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Political Broad

Deciphering the First Amendment

Following on the heels of President Donald Trump’s inauguration, now seems a perfect time to address the First Amendment. Let’s dissect how it was written and what it means.

The following is a transcription of the First Amendment to the Constitution in its original form.

Amendment I

Congress shall make no law respecting an establishment of religion, or prohibiting the free exercise thereof; or abridging the freedom of speech, or of the press; or the right of the people peaceably to assemble, and to petition the government for a redress of grievances.

First, we are entitled to a freedom of religion. This is commonly referred to as the Free Exercise Clause.

Essentially, I am free to practice my religious beliefs without consequence from the government. Since its inception, the clause has been tested, often with controversial results. The Supreme Court waffles back and forth on its intent and reach.

Addressing the intent, James Madison spoke passionately about this section of the amendment.

“It is the duty of every man to render to the Creator such homage, and such only, as he believes to be acceptable to him.”

Colonists fled Britain in part because of oppressive religious laws. The founders of this country hoped to ensure all Americans remained free to worship the God of their choice.

Unfortunately, one of the greatest challenges is balancing an individual’s right to practice their beliefs in a secular society. For instance, Reynolds vs United States (1978) banned polygamy stating there is a difference between a religious belief and an action. The court stated citizens cannot excuse themselves from the law because of their religion.

Secondly, no laws shall be made to tread upon an individual’s right to freedom of speech.

It’s interesting to note how people will spew hatred, slander and vulgarities at others under the umbrella of “free speech.”

Clearly, we all are entitled to speak our mind (though exercising some restraint is always best). However, the courts in Schenck v. United States (1919) say freedom of speech does not cover words that incite actions that may harm others. Also, in Roth v. United States (1957) the court prohibits distribution of obscene materials.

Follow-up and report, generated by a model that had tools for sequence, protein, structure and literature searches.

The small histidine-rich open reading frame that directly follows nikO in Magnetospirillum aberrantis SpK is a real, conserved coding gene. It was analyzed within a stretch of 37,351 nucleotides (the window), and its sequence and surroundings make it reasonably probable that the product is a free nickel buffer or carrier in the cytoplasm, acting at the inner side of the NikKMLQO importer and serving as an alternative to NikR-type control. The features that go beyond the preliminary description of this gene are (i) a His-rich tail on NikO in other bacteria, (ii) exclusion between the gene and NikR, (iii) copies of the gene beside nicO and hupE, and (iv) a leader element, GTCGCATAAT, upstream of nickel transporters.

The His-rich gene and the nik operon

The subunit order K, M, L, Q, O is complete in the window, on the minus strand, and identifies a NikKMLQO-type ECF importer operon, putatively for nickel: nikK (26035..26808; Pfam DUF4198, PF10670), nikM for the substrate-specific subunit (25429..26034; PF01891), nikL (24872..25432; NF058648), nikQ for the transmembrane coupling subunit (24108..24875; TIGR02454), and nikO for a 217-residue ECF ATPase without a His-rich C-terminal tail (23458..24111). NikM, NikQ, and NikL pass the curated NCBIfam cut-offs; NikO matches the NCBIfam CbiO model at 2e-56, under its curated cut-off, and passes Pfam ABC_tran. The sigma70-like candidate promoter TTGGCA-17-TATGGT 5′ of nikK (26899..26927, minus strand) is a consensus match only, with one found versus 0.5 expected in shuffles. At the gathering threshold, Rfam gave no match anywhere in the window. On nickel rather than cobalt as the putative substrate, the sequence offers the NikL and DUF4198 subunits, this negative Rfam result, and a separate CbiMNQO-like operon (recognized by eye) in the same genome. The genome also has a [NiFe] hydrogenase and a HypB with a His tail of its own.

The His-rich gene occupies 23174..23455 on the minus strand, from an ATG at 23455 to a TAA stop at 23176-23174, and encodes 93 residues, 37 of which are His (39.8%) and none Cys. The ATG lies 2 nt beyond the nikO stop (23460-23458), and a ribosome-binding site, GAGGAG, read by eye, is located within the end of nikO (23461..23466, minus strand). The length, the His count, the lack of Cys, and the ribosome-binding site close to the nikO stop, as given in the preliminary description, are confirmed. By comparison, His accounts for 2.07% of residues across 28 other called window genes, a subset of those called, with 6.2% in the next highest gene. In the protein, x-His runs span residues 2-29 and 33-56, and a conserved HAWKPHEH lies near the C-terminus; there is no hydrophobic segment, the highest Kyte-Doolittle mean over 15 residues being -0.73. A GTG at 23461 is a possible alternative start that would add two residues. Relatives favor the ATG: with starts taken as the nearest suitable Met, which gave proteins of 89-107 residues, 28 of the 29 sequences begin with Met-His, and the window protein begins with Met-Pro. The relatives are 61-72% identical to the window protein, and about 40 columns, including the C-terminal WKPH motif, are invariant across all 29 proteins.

Regrettably, under West Virginia Board of Education v. Barnette (1943), the courts proclaimed citizens are free not to salute the flag under the freedom to NOT speak. Another equally divisive decision, one that surely gets my blood boiling, is the courts protection of the burning of the flag as symbolic speech (refer to Texas v. Johnson, 1989, and United States v. Eichman, 1990).

Thirdly, no laws shall be made to infringe upon the rights of the press.

The press has the right to publish information without interference from the government. Laws exist to prevent the press from acting irresponsibly or maliciously, including laws regarding libel, obscenity and sedition.

As a member of the media, I have a duty to accurately record the activities of our government and our people. As we disseminate information, the public is capable of deciphering if the government, the legislative arm and the courts have extended its reach. We also serve as a historical record for our local communities and our people.

The press holds local governmental agencies accountable through what are known as Open Meetings Law. The Freedom of Information Act, which the press commonly uses to gather information, allows the public to access documents and information.

Fourth, the people of this country are free to gather in peaceful demonstration.

While this portion of the amendment does allow citizens the right to publicly assemble, it does not allow the people to riot, engage in violence or incite violence.

People gather to have their voices heard. Some of the greatest changes in history have come through peaceful demonstration. Rosa Parks refused to move from her seat on a bus which forced a change in regulations forcing black citizens to sit in the back seats. Ezell A. Blair, Jr. (now Jibreel Khazan), Franklin E. McCain, Joseph A. McNeil, and David L. Richmond sat at a Woolworth’s lunch counter and asked to be served. The was part of the Civil Rights Movement, and the men insisted they be allowed to eat at the same restaurants at the same tables at white citizens.

Throwing rocks through a Starbucks window and burning businesses makes a statement, too. But not one that can be understood and transformed into meaningful action. It reads “I am angry and willing to break laws and harm others.”

Lastly, the people have the right to seek redress of grievances.

This allows citizens the right make a complaint against the government without fear of reprisal. It also offers people the ability to seek assistance from government without fear of punishment.

The intent of the First Amendment is to establish the rights of the people and limitations of governmental powers. Through the years, the courts have issued opinions regarding the meaning and extent of the law. However, the basic premises remain and should be regarded as the foundation of civil rights.

The onus lands at citizen’s feet to understand their rights and obligations under the law. Misinterpretation on our part does not extend the laws in our favor.

Apathy towards our rights and responsibilities will surely lend itself to governmental authority stretching beyond its intended reach.

Laurie Chapman publishes Political Broad bi-monthly and takes an informative, opinionated peek at the functions of government. If you have a suggestion for the author, email her at lchapman@idahocountyfreepress.com or call her at 208-983-1200.

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